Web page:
Nefari sat close to the oil lamp, its small spluttering flame. It represented life, it kept back the fear. Near her the glint of gold and sparkle of a jewel in that vast cavern shone back a reflection of his power.
Her father’s palace guards had arrested her from the harem at dawn and gagging and binding her had brought her here in broad daylight through the market place and up the long causeway beyond the town to this. She saw it as she approached; a massive stone building with carvings of her father and, flanking the huge doors, his cartouche. The seals were broken. Inside the air was cool, still. Lighting torches the men carried her between chest after chest of treasure; this was the Royal Treasure House of the Pharaoh.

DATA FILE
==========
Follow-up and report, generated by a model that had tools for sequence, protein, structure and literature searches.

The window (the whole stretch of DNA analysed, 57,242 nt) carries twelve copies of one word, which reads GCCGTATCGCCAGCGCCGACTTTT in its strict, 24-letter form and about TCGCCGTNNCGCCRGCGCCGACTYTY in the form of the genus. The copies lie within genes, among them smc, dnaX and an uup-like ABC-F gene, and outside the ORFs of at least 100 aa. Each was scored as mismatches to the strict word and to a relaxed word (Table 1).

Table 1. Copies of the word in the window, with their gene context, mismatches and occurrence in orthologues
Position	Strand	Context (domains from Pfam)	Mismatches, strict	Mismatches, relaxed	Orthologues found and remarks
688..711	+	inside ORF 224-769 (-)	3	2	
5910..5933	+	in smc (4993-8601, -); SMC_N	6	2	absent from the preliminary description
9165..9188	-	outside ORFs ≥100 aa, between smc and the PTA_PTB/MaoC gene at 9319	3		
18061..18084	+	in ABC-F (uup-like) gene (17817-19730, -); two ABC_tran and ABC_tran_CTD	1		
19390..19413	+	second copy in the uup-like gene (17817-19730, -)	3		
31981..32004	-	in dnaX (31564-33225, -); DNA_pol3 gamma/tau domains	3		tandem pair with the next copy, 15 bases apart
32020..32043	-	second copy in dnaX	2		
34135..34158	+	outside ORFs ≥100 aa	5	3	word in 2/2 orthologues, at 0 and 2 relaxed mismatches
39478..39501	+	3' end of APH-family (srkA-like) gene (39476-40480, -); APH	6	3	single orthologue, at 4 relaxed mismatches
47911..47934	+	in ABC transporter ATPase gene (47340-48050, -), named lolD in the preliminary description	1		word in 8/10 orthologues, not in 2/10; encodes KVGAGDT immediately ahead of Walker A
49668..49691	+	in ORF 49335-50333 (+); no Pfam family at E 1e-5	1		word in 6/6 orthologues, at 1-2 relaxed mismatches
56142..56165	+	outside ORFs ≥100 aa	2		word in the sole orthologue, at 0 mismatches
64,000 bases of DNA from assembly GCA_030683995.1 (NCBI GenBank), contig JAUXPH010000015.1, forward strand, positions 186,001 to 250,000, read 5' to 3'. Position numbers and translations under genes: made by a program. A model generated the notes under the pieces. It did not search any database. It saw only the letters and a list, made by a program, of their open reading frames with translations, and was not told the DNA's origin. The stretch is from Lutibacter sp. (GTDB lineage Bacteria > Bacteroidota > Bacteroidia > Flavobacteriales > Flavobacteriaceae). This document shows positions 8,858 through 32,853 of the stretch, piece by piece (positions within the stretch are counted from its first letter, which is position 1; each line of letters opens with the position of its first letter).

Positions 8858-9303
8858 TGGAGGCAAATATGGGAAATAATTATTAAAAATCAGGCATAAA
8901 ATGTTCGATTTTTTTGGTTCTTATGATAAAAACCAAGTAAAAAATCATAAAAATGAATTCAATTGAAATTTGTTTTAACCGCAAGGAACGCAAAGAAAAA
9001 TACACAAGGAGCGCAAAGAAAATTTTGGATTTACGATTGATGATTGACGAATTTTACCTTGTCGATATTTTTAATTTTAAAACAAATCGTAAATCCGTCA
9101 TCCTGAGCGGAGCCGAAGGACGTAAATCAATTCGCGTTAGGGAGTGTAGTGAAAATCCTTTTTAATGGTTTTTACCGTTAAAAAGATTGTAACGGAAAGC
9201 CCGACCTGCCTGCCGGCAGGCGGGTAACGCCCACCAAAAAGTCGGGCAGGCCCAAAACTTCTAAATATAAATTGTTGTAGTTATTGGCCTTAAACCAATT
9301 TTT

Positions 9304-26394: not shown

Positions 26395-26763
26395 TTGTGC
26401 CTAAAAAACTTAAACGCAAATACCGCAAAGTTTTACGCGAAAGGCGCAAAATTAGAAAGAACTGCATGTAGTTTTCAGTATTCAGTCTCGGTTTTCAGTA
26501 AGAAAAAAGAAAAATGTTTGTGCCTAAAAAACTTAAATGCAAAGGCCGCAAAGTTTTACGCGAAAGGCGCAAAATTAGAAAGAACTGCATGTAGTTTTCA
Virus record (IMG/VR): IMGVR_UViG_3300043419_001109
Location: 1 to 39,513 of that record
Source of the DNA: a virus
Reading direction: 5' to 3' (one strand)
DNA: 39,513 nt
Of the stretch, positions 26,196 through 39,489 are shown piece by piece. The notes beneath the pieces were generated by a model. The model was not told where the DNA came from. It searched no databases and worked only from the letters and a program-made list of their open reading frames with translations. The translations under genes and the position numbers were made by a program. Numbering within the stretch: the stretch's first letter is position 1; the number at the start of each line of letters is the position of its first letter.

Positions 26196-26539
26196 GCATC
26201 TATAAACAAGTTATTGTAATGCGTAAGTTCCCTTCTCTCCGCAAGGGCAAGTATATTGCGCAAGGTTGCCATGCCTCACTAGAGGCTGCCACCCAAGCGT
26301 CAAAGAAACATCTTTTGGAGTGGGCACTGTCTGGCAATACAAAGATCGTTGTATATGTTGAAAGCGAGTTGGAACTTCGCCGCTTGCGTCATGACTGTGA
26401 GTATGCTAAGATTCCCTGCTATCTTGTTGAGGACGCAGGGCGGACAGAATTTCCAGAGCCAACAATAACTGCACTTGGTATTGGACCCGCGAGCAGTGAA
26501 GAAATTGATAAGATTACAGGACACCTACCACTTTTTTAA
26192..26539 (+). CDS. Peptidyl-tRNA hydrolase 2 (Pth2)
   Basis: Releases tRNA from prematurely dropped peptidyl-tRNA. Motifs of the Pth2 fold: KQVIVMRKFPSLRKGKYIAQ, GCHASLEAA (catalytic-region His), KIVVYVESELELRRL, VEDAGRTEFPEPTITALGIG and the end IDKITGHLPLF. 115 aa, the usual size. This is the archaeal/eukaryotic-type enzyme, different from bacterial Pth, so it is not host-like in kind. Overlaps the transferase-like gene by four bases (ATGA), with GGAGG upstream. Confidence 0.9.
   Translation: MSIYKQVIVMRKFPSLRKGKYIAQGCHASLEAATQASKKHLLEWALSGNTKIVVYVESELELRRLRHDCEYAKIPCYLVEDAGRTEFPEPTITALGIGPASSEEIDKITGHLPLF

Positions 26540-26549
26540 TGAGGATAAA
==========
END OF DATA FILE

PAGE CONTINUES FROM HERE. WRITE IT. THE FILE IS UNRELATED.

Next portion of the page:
They left her with a simple frame bed, a lamp with sufficient oil to last the night and, in a wicker cage, a mongoose.
“For the snakes,” the guards had said as they left, their torches heading back across the vast chamber to the door.
She rubbed her arms – goose pimples. She stroked her long hair, fingering the ringlets and stared at her sandals; a slight girl, slender brown in a fine white garment that reached her ankles. Gold rings on her fingers and a bracelet of elephant hair. Around her neck a broad necklace of lapsis lazuli.
What had she done? How had she offended the Pharaoh? His was absolute power. This was his, the land of Egypt, the crops, the labourers, the priests and scribes, the royal wives and
Publisher: BookRix GmbH & Co. KG
Text: alastair macleod
Images: alastairmacleod; illustration from Dreamstime royalty free images .
Editing/Proofreading: alastair macleod
Translation: cover typeset in
Publication Date: 12-12-2012
All Rights Reserved
To the traditional tales from ancient Egypt and India, may they ever flourish.